'testing'; defier sentence

-AP Photo
Budget Director Bert Lance addresses members of the Sen-
ate Governmental Affairs Committee who are investigating
his financial affairs. Lance told the committee yesterday
he may have made some mistakes in running his Georgia
bank but engaged in no wrongdoing and no cover-up.
Stone: Carter is
just another Nixon

Special to The Daily
DETROIT-Filipina Narciso
and Leonora Perez were order-
ed yesterday to surrender in
seven days to the federal peni-
tentiary for women at Alder-
son, West Virginia, for "obser-
vation and study."
Federal district Judge Philip
Pratt deferred Sentencing and
continued the women's $75,000
bond. He told them they would
be sentenced following their in-
terim stay at the prison in Vir-

erans Administration (VA) Hospital
nurses convicted of poisoning patients
at the facility in 1975, stood passively
before Judge Pratt as he read his order.
He allowed them to report to Alderson
themselves, at their own expense,
rather than be taken to the facility by
U.S, marshals.
The women's stay at Alderson, where
they will undergo "behavioral observa-
tion," cannot exceed 90 days. They will
be under the custody of the United
States attorney there for as long as the
tests take.
Both the defense and the prosecution
told reporters that in Alderson; Narciso

and Perez will be treated "just like
regular prisoners."
to find out more data," said assistant
U.S. Attorney Richard Delonis at a
news conference immediately following
Judge Pratt's ruling. "This is complete-
iy within the judge's discretion."
Delonis said he was not disappointed
with the ruling only because he had no
say in the matter. "It wassa matter that
the court advised us was going to be
Delonis insisted that the order was
not unusual in a criminal case. "The
court still has the option of sentencing
to any degree," he said.
See SENTENCE, Page 9

"I sincerely believe that Carter is
playing to the same crowd that Nixon
did-the country club crowd, those who
have made it," journalist I.F. Stone,
told some 1,500 listeners last night.
"They don't want to be bothered with
the problems of the poor and the have-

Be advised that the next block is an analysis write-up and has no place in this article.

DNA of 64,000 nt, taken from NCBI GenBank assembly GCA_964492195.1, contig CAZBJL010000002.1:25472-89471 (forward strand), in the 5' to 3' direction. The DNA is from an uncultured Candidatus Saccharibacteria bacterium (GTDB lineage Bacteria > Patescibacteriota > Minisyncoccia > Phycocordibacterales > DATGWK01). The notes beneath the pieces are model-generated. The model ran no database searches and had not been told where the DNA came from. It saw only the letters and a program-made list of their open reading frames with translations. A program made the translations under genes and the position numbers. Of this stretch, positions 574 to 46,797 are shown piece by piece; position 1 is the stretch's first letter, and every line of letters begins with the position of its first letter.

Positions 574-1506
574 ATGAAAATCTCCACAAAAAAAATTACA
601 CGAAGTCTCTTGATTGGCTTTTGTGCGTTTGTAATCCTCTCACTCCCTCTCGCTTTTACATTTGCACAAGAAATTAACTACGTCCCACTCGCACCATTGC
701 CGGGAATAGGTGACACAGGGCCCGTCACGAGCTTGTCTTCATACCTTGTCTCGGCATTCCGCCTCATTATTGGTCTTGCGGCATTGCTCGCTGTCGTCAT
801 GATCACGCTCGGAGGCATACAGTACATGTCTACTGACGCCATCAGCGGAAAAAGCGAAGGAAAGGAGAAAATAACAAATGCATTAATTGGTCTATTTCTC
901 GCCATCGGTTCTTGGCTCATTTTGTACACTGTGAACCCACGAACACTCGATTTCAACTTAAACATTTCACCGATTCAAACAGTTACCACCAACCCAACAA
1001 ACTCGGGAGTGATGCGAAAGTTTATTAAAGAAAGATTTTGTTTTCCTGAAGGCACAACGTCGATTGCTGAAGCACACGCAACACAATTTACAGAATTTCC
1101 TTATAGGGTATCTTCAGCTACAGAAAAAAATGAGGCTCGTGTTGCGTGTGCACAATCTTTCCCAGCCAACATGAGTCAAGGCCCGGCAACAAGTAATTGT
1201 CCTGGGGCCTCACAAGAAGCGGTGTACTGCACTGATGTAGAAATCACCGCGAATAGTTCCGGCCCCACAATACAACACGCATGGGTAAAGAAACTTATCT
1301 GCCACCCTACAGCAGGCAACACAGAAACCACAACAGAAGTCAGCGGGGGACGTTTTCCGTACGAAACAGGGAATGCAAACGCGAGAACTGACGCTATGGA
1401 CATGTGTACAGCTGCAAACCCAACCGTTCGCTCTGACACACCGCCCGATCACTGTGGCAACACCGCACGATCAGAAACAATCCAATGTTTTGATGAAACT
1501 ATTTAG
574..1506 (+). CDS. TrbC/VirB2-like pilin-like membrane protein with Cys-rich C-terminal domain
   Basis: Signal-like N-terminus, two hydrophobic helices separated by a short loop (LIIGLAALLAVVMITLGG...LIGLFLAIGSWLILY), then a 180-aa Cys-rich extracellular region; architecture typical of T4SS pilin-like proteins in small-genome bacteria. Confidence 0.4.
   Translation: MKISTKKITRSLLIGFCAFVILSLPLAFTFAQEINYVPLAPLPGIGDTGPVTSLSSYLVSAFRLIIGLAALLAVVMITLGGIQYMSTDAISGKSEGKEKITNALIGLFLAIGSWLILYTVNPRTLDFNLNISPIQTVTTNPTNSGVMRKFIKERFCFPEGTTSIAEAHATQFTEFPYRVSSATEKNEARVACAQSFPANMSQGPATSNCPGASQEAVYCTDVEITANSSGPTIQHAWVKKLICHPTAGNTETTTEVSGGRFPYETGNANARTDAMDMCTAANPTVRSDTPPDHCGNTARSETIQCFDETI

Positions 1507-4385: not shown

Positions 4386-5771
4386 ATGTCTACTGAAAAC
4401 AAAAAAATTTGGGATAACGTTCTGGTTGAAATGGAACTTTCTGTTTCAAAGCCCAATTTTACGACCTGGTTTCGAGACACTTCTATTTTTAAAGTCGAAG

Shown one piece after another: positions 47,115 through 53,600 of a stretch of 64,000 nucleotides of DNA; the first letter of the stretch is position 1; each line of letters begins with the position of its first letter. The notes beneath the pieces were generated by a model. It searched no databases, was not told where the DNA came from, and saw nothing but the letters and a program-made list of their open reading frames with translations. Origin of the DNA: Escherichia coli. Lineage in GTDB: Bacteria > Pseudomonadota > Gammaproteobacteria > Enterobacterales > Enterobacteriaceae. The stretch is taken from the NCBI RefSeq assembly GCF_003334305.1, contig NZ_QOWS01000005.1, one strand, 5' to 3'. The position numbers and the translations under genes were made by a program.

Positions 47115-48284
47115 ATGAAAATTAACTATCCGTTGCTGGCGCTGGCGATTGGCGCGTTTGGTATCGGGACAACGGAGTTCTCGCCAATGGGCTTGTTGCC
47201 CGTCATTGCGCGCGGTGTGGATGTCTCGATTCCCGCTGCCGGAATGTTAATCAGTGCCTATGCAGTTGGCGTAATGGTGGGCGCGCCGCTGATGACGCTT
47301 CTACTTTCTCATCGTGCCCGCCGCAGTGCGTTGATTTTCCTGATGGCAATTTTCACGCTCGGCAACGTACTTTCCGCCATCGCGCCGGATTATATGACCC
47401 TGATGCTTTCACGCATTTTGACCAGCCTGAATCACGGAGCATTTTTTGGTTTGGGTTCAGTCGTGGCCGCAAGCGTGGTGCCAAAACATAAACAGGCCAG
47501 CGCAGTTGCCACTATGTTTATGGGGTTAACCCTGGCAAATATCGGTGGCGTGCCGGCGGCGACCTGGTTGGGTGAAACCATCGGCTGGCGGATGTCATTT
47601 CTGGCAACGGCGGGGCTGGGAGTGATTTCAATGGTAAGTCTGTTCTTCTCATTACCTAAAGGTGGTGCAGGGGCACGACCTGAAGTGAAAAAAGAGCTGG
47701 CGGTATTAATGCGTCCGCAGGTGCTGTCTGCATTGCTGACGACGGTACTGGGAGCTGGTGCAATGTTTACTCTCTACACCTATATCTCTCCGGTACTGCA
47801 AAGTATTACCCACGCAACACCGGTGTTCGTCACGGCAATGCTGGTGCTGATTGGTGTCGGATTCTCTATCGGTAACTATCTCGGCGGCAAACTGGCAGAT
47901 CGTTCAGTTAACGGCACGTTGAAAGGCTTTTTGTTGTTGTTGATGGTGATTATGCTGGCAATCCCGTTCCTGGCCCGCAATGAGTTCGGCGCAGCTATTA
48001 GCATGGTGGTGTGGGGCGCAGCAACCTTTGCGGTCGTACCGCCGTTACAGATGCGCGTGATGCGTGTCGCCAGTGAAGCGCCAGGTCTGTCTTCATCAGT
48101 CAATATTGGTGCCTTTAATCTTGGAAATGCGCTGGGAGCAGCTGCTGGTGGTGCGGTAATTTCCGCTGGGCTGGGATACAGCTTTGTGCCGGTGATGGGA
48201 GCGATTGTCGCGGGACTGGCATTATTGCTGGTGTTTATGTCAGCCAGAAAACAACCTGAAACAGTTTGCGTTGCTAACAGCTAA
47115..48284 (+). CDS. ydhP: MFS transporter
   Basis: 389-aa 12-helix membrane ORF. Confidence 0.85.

nots. That's a terrible attitude."
The never-say-die liberal delivered a
speech at Hill Auditorium that was an
indictment of the domestic and foreign
policies of the Carter Administration.
The address was the first in a series of
"Viewpoint" lectures that will be
delivered on campus this fall.
administration as a mere continuation
of the past two Republican ad-
"Carter's message is the same
message conservatives have given us
for years," said Stone. "Cut down on
hope, because hope is dangerous.
Discourage high expectations and foster
benign neglect, because your gover-
nment cannot solve all of your
"This is not the first period of crisis in
this country. But always before we
have mustered the strength to solve the
problems. We've received a heritage
and reaped the benefits from the work
of past generations. It is our right and
our duty to carry on."

of the staunchest supporters of the New
Deal, one of the few journalists to sup-
port the liberal president.
His book, The Hidden History of the
Korean War, was called "one of the
most devastating indictments of Ugited
States foreign policy," forewarning the
See STONE, Page 8
rejects TV
WASHINGTON (AP) - The Senate
yesterday rejected a proposal to
require a cancer warning to be
included in television and radio
advertisements of products contain-
ing the artificial sweetener sacchar-
The action came as the Senate
moved toward expected approval of
legislation delaying the Food and
Drug Administration's proposed ban
on saccharin in food products - such
as diet sodas - for 18 months while